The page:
Catherine stood a few feet away from the French windows, watching, absently, as the droplets of rain, raced down the glass, towards the swollen framework. She thought, what she always did at this point- So much for the window frames,
that can cope withanythingmother nature, can
throw at them!
She glanced, automatically, at the edge of the door, that opened out onto the small, metal balcony. The black and green spotted mark, smeared down part of its length, was spreading slowly towards the floor.
Once, at the first sign of the black mark, she would have lunged towards it, cloth in hand, desperate to keep her nice, new acquisition, looking as pristine as the day it had been fitted- but not now.
She moved closer, trying to see if the few survivors in her window box outside, needed to be baled out again. The box sat defiantly clinging to the window bottom, taking what little shelter it could from a small overhang, that had once (or so she had been reliably informed) been used to shade anyone sitting on the balcony- or indeed lounging just inside the door like windows- from the suns long forgotten rays.
Sighing, she pulled open the door. It creaked loudly and shuddered, as she forced it towards her, then leaning outwards, grabbed the edge of the window box, tipping it quickly, so the puddled water slopped out and down, through the rusted remains of the balcony floor (the wooden planking had long since gone) to finally ground its self, two stories below.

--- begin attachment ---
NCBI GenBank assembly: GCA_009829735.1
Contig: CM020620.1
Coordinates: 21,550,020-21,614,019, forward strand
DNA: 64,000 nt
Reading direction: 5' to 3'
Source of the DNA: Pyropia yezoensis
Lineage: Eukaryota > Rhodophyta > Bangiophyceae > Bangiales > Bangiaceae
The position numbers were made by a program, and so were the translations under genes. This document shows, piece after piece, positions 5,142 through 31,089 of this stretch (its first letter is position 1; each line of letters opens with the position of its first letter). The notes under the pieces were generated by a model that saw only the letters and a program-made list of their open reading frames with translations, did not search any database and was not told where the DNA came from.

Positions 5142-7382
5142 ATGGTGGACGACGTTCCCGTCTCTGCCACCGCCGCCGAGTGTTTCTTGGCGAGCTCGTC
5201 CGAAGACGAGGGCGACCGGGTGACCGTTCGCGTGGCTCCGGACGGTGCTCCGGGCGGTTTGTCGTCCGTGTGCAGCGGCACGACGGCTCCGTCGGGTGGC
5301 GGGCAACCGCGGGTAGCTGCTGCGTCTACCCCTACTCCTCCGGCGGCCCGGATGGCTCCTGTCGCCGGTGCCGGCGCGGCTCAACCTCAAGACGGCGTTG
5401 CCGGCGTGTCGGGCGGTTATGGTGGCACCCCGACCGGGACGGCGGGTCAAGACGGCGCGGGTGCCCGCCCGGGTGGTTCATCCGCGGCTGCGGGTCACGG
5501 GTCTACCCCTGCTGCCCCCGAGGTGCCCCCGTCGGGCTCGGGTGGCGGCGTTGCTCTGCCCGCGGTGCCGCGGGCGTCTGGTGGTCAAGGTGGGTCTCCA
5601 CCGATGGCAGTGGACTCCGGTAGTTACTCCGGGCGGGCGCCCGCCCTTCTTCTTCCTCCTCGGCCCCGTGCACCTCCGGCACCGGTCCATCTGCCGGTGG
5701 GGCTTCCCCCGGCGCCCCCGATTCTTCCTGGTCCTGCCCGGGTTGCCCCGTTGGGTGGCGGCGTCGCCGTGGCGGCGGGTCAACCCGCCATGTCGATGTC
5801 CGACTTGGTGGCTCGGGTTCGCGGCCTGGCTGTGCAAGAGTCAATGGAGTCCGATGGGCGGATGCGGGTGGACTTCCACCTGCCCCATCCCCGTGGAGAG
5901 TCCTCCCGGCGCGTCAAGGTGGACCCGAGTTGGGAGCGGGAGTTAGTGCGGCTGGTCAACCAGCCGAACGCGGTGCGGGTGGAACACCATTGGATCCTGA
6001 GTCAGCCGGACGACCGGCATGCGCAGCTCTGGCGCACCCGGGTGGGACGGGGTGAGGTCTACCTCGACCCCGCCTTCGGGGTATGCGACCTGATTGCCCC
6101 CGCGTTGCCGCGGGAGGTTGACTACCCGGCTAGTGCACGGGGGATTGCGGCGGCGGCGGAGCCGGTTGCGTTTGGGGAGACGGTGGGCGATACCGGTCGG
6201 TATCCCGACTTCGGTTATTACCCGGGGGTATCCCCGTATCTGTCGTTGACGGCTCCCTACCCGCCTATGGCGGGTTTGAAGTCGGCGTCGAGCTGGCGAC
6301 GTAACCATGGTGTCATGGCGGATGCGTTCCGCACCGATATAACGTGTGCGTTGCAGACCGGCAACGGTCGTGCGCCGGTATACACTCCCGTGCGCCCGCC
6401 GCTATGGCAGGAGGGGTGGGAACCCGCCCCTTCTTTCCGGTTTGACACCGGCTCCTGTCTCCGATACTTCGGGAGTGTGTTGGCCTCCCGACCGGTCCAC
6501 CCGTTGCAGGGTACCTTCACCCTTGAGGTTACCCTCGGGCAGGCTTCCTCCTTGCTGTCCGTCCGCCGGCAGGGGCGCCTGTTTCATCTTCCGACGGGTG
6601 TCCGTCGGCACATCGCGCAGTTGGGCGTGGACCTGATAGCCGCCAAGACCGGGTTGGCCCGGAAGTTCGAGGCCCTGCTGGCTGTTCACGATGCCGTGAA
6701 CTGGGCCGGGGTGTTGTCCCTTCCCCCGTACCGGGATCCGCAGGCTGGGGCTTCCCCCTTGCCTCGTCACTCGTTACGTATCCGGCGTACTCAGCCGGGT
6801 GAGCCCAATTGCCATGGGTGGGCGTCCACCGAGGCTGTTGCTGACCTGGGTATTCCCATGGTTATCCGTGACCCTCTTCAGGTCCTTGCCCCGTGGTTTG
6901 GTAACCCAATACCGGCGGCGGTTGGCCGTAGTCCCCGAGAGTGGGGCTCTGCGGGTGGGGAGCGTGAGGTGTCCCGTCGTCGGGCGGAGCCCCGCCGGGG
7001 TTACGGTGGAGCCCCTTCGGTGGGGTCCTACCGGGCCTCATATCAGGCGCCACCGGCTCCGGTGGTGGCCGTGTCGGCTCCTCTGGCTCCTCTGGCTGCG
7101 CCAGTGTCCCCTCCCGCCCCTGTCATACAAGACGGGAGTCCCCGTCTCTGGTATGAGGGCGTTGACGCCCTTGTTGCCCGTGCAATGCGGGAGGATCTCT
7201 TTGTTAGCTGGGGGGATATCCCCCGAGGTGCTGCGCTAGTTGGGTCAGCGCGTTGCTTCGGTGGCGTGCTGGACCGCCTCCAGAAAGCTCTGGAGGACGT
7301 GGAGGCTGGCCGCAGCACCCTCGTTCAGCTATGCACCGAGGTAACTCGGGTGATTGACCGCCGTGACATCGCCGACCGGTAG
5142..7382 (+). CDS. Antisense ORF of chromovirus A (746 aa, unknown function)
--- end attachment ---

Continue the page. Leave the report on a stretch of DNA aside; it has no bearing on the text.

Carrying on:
She knew that sooner rather than later, she was going to have to get someone in, to remove the rusting hulk, that was all that remained of the balcony. Everyone else’s had gone, taken away before they had the chance to
break free and crash to the floor, only hers had clung defiantly on.
Below her, she noticed a cat, sitting curled up on a window sill, belonging to one of the ground floor flats.
A pigeon sauntered along the edge, between the grass and the narrow flagged path, that ran all round the building. Both pigeon and cat seemed to accept each others presence, without actually acknowledging it.
Before the rains, birds had spent their time flying around rather than walking, cats had taken advantage, whenever they could, for a quick snack, but no more.
Respective generations of both parties, had, seemingly, reached an unspoken agreement – either because neither could be bothered any more, or because the cats, had realised, there was no sport in chasing something that was too waterlogged to fly away and so presented no challenge. Leaving the birds, resigned, to their semi-flightless fate.
The remains of shrouded daylight, began to fade away.
As she pulled the curtains closed, she glanced towards the rapidly dimming horizon, hoping for the faintest hint of red, that would, perhaps, promise a new dawn. The dawn of her dreams, with a multicoloured archway, showing off the final droplets, of the never ending deluge, that had browbeaten them for so long.